Age at last birth and its components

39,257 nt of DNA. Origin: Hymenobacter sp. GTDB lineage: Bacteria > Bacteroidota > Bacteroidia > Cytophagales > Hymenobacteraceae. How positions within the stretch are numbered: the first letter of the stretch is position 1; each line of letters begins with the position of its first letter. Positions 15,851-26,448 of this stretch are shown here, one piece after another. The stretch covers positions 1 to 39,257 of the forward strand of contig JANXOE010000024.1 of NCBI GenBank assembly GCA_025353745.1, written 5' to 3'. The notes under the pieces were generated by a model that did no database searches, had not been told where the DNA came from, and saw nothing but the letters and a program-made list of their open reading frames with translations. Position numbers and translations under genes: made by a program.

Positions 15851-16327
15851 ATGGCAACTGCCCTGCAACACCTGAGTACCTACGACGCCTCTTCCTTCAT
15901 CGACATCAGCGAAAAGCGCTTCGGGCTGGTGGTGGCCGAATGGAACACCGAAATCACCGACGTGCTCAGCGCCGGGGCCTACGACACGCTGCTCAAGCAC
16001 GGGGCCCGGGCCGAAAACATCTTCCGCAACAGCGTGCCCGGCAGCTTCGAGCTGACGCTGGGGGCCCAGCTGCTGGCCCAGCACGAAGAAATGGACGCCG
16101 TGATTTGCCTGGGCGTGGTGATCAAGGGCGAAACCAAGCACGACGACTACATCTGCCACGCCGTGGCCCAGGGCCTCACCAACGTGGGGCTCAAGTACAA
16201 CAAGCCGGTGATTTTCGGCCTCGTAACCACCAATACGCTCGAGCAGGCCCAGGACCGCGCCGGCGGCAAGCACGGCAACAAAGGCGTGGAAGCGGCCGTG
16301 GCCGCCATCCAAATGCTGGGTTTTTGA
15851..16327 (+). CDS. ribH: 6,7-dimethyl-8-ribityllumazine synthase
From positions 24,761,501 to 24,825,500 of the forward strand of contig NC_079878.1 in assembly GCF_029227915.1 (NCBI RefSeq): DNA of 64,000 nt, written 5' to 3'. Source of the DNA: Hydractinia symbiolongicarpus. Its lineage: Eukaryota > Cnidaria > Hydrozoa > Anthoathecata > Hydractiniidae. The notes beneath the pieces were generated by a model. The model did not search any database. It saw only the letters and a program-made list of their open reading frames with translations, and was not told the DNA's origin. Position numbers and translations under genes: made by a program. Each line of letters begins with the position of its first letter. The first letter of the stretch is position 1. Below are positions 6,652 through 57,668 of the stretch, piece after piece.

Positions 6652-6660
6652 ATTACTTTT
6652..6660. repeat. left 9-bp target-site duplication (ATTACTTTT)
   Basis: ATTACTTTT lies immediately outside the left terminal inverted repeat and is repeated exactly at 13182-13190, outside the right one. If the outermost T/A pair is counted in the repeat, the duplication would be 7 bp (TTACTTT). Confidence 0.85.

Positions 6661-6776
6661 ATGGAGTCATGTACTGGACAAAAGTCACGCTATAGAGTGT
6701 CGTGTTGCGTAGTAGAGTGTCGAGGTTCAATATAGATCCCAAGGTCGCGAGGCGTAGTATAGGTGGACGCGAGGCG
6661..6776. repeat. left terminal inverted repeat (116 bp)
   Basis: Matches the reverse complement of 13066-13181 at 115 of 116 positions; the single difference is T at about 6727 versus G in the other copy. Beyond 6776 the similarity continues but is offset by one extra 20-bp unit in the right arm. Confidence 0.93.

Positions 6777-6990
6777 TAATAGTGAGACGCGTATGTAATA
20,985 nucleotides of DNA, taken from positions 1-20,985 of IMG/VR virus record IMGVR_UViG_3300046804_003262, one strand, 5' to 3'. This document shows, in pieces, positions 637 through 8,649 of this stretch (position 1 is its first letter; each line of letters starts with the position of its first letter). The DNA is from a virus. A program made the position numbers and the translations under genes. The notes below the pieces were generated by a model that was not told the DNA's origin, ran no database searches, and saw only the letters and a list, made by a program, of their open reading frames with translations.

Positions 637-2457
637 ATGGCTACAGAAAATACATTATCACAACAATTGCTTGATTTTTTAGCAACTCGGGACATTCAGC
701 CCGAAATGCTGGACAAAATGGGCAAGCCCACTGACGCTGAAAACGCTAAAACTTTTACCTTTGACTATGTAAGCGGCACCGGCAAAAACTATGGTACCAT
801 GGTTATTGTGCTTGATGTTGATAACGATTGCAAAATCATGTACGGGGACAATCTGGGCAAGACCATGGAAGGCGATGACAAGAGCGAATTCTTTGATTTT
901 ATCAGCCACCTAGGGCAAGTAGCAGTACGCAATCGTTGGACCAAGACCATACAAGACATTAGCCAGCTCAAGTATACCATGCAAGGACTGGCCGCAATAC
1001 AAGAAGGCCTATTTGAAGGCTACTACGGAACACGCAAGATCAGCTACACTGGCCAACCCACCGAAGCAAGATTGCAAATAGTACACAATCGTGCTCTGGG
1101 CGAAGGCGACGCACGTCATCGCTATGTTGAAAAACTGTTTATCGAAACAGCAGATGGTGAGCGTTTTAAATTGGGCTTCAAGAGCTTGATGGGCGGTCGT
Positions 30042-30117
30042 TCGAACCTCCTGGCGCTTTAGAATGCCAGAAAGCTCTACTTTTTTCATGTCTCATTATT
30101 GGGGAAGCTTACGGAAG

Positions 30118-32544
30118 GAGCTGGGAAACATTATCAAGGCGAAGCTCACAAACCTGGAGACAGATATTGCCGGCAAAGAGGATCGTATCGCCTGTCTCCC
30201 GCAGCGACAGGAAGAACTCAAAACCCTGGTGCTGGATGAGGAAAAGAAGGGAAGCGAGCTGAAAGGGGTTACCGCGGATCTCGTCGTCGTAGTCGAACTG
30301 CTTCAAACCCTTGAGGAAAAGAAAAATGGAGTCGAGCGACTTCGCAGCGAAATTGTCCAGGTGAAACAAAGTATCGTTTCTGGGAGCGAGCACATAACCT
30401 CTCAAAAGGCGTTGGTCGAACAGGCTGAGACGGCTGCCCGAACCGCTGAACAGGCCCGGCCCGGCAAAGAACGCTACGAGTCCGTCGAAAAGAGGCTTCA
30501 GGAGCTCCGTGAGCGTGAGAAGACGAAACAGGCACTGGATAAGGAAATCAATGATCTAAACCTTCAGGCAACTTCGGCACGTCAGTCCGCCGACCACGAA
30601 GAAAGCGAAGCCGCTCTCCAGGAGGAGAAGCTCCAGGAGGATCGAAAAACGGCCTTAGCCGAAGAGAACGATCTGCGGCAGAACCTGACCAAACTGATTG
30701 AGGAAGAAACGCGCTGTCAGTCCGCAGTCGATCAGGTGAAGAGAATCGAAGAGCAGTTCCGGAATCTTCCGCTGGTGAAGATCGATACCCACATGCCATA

This paper examines the ways in which the behavior of twentieth century cohorts of American women changed simultaneously in the three components of fertility that determine age at last birth–age at first birth, spacing between subsequent births, and parity progression ratios of subsequent births–to produce changes in the timing of the completion of childbearing. It decomposes changes in the mean age at last birth among cohorts and between whites and nonwhites to changes in these three components. They use fertility rates available from vital statistics data. They covered the cohorts of 1903 to 1940 and they projected each age component of age at last birth for these cohorts, under the assumption that these cohorts would experience the fertility rates of the calendar year 1986. Results show that only ages at first birth consistently contributed to changes in age at last birth in the same direction. In general, the cohorts increased and decreased their age at first birth, birth intervals, and parity progression ratios of lower and higher birth orders in almost every possible combination so as to achieve a relatively young age at final birth. It is interesting to note that the mean age at last birth was 30.9 for the 1903 cohort, rose to 32 for the 1917 cohort and decreased rapidly to 28.2 projected to the 1943 cohort. These are relatively young mean ages. Just to give an idea the mean age at last birth in developing countries in the 1970's and 1980s were estimated in 39.5 for African countries, 36.9 in Latin America and 39 for the Middle East.